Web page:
ADHD Kids: Nurture their Strengths, Value their Weaknesses

“Other teens echo the sentiment of 12-year-old Marty Priors, who finds that ADHD ‘is just another way to say that people are bad.’ In fact, he thinks the letters ADD stand for ‘adult deficit disorder…in fact, Marty voices another myth that skeptics and critics use as a way to make their points: that the kids are fine and that ADHD is nothing more than a child’s failure to meet adult expectations.”
-Mary Fowler, Maybe You Know My Teen (pg. 26)
In childhood, we learn that many of the habits that accompany ADHD are inappropriate or else uncooperative. These lessons are taught by teachers who fear a chaotic classroom, or parents without the time or patience to manage a child’s energy, or worse yet, psychiatrists who prescribe medication without fostering the proper tools and insights to direct their patients’ unique ways of interacting with the world.

ADHD children are a handful. I know I was. While I didn’t act out aggressively, a behavior typical of some ADHD kids, I did require (and request!) constant stimulation to accommodate my active mind. As described in my previous post Quiet Games and Activities for Children with ADHD, such activities took the form of puzzles, make believe stories, writing, and games that my mother invented to keep me occupied and learning.

Mom & me practicing the piano.
What I hope for kids with ADHD is for their talents to be nurtured and their differences approached by those who can point out and direct their creative and athletic abilities.

In Romancing the Shadow, Connie Zweig Ph.D. and Steve Wolf Ph.D. speak of one’s personal shadow, “The personal shadow can contain anything that is forbidden, shamed, or taboo, depending on the cultural, familial, and parental training.” These authors explain how once repressed such authentic feelings and behaviors “are banished into the darkness, only to reappear late in distorted forms” (pgs 17-18). While each of us harbor a distinct trunk of insecurities and prejudices, to be explicitly or passively encouraged to repress what makes you unique and valuable is upsetting. More than that, it draws you farther from what naturally gratifies you and makes your life personally meaningful.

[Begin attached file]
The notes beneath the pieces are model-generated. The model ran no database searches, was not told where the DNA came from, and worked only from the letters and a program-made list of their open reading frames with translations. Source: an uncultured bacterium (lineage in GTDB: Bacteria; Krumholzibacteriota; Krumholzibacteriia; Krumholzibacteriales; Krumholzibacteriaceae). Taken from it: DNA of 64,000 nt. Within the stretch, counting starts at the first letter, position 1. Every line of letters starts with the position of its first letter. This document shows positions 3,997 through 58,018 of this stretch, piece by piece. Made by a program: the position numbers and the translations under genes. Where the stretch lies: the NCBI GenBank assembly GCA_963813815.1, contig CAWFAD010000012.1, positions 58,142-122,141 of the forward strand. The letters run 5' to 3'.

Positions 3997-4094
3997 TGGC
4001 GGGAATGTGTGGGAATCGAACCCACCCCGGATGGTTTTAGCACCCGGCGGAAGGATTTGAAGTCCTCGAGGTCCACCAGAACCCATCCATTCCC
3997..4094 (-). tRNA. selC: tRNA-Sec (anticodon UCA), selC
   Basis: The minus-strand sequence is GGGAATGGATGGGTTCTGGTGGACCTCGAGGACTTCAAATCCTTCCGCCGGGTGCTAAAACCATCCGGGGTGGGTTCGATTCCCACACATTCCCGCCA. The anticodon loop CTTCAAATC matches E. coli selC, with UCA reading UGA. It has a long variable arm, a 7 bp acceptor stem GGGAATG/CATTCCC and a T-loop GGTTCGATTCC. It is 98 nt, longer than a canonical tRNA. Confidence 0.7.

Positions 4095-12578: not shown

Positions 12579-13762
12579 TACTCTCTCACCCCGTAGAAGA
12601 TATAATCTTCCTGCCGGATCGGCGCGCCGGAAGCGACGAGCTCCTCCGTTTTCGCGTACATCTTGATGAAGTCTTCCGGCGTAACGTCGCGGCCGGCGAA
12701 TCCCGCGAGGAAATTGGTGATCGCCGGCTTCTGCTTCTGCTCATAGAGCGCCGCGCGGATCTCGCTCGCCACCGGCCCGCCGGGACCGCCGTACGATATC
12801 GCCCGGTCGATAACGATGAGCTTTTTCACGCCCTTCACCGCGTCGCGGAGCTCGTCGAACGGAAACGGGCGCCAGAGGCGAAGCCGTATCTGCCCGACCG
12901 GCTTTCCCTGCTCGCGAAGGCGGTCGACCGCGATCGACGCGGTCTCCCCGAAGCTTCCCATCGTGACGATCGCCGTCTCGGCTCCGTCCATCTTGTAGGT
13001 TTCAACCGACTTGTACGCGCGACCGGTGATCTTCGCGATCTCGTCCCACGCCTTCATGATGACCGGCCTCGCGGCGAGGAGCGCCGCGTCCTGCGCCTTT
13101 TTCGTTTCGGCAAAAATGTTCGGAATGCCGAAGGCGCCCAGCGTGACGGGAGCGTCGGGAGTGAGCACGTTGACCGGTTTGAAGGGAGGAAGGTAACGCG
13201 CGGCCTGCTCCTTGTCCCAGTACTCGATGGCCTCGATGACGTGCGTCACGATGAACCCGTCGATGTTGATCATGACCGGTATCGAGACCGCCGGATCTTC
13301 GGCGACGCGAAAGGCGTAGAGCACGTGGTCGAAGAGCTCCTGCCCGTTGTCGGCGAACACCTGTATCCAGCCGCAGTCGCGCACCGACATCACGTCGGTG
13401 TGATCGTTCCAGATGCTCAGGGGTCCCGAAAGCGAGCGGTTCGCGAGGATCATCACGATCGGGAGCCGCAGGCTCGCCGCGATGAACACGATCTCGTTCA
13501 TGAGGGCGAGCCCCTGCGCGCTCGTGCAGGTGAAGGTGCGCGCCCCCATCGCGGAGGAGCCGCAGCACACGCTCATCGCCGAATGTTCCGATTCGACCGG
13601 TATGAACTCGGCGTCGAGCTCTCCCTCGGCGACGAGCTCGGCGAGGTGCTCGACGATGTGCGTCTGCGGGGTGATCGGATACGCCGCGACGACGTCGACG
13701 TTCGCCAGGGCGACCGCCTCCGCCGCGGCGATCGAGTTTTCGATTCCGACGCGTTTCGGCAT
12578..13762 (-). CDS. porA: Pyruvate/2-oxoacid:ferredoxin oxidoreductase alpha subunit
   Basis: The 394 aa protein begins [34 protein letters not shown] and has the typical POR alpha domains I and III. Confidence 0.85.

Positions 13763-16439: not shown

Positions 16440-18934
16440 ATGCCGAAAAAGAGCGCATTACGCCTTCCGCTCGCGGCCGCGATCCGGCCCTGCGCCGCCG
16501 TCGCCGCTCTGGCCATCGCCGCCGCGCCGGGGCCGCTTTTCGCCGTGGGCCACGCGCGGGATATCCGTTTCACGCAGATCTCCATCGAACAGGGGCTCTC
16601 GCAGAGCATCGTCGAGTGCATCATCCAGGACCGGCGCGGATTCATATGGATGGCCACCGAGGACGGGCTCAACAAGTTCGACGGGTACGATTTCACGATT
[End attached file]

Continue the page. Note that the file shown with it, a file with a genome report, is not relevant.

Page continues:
I was fortunate to be raised by parents who took the time to value me, who helped me consider my strengths and weaknesses. Their support enabled me to discover my passions while overcoming the hurdles stacked before me as someone whose energy was too striking, whose attention was too fleeting, and whose mind was too often lost in daydream, according to traditional norms.

I hope that some day I’ll be able to offer my children the same courtesy.

I write this post not only to share my success as an adult with ADHD, but out of fear of who I might have become had I fallen upon censure instead of the support team that guided, nurtured, and listened over the years.

What was growing up with ADHD like for you? For kids, what is it like? What do you struggle with most?

Mom & me playing Old Maid at Grandma & Grandpa's house.